With the voice of V.I.K.I. sending a chill through first-class car #2, we are instructed to “insure that your luggage is firmly secured so as to not injure yourself or others.” “Welcome aboard Harmony.”
And with that we are on our way to Beijing via the anti-Amtrak, a 300 KPH, bullet train that will cover the almost 1100 kilometers in under 5 hours. This high speed, technologically advanced transport is made even more remarkable by the images that will blur past our eyes over next few hours and it will help shape, in my mind, the massive cultural complexity that is modern China.
The countryside immediately outside of Shanghai is a collection of small walled communities and a checkerboard of tiny, brown farms. My experience of endless fields of corn in Indiana and the mind-numbing repetition of soybean fields in Illinois gives way to the reality of these small, subsistence farms where the absence of plumbing means that human waste is excreted and collected to be used as fertilizer on these fields, after it ages. These are not he farms that make up China’s “Great Rice Basket” , they are hardscrabble plots more akin to China’s Appalachia, if anything.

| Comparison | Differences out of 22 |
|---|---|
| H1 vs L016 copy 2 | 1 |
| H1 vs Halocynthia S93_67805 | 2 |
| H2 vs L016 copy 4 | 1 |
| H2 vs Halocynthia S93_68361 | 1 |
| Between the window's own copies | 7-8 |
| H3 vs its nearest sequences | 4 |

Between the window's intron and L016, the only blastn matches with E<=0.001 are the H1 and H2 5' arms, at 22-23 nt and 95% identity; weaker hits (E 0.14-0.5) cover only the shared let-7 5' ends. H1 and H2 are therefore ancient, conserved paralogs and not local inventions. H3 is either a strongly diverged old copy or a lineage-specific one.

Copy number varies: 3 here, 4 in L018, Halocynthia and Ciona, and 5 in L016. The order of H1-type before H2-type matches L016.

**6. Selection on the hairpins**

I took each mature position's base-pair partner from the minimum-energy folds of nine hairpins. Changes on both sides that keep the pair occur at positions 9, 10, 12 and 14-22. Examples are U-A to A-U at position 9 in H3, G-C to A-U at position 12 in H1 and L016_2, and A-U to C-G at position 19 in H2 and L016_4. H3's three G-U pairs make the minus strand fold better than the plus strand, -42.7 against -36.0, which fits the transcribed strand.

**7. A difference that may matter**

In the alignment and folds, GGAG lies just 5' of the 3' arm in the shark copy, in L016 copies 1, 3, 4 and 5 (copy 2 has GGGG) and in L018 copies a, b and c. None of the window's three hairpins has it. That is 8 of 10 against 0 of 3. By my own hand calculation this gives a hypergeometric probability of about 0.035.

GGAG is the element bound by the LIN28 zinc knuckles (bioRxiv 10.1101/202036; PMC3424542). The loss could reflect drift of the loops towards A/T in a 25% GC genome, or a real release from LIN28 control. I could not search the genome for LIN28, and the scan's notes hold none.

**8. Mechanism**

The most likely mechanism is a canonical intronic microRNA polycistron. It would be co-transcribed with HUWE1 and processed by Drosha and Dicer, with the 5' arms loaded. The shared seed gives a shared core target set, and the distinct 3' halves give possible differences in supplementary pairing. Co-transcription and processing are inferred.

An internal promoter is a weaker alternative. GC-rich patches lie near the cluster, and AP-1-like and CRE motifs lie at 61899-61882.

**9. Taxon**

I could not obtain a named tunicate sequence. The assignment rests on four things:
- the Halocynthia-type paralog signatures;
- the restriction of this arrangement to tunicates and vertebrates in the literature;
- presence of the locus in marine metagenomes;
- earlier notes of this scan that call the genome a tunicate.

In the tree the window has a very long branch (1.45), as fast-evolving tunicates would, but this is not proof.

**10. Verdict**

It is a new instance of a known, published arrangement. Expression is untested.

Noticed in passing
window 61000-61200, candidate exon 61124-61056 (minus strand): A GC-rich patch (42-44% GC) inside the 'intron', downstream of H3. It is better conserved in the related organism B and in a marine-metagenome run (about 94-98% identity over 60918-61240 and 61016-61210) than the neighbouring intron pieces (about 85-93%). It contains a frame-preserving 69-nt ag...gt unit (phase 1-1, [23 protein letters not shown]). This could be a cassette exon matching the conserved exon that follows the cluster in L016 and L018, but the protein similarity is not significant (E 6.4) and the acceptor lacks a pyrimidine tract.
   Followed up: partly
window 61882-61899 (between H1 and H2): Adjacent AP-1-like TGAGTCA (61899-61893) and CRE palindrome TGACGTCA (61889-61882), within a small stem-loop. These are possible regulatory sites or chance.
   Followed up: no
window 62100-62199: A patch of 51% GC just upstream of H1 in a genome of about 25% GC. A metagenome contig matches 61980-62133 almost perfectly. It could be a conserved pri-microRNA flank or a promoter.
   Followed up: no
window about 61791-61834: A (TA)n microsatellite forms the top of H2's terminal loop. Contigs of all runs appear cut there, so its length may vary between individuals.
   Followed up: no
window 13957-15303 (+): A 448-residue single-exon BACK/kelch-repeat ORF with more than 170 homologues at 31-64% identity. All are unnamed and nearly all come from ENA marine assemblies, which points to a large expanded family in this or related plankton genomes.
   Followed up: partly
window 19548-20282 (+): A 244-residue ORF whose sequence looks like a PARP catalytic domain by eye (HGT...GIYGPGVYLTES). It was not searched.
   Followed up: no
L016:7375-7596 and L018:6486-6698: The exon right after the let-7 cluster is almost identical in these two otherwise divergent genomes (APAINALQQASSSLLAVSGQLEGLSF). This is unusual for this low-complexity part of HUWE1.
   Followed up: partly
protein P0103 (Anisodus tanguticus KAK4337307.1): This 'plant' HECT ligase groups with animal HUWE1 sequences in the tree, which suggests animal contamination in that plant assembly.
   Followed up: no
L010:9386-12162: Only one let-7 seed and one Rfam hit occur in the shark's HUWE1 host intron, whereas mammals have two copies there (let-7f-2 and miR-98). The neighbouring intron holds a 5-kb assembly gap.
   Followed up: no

Most of the farms we slid past were being worked by two to four people, hoeing the remnants of the harvest. Occasionally, we spotted a small, red tractor chugging through a field, but often the machinery appeared to be rusting on the edge of a field.
At irregular points along the way we witnessed the ground yield an unanticipated crop: Ghost Cities. Large constructs of 20 – 30 high rise apartment buildings that appeared to be pulled from the ground by their rooftop cranes. These lonely sentinels wait for tenants and workers who may never come.
Harmony speeds past these dirt poor farms and the empty ghost cites they grow. And nobody is getting off.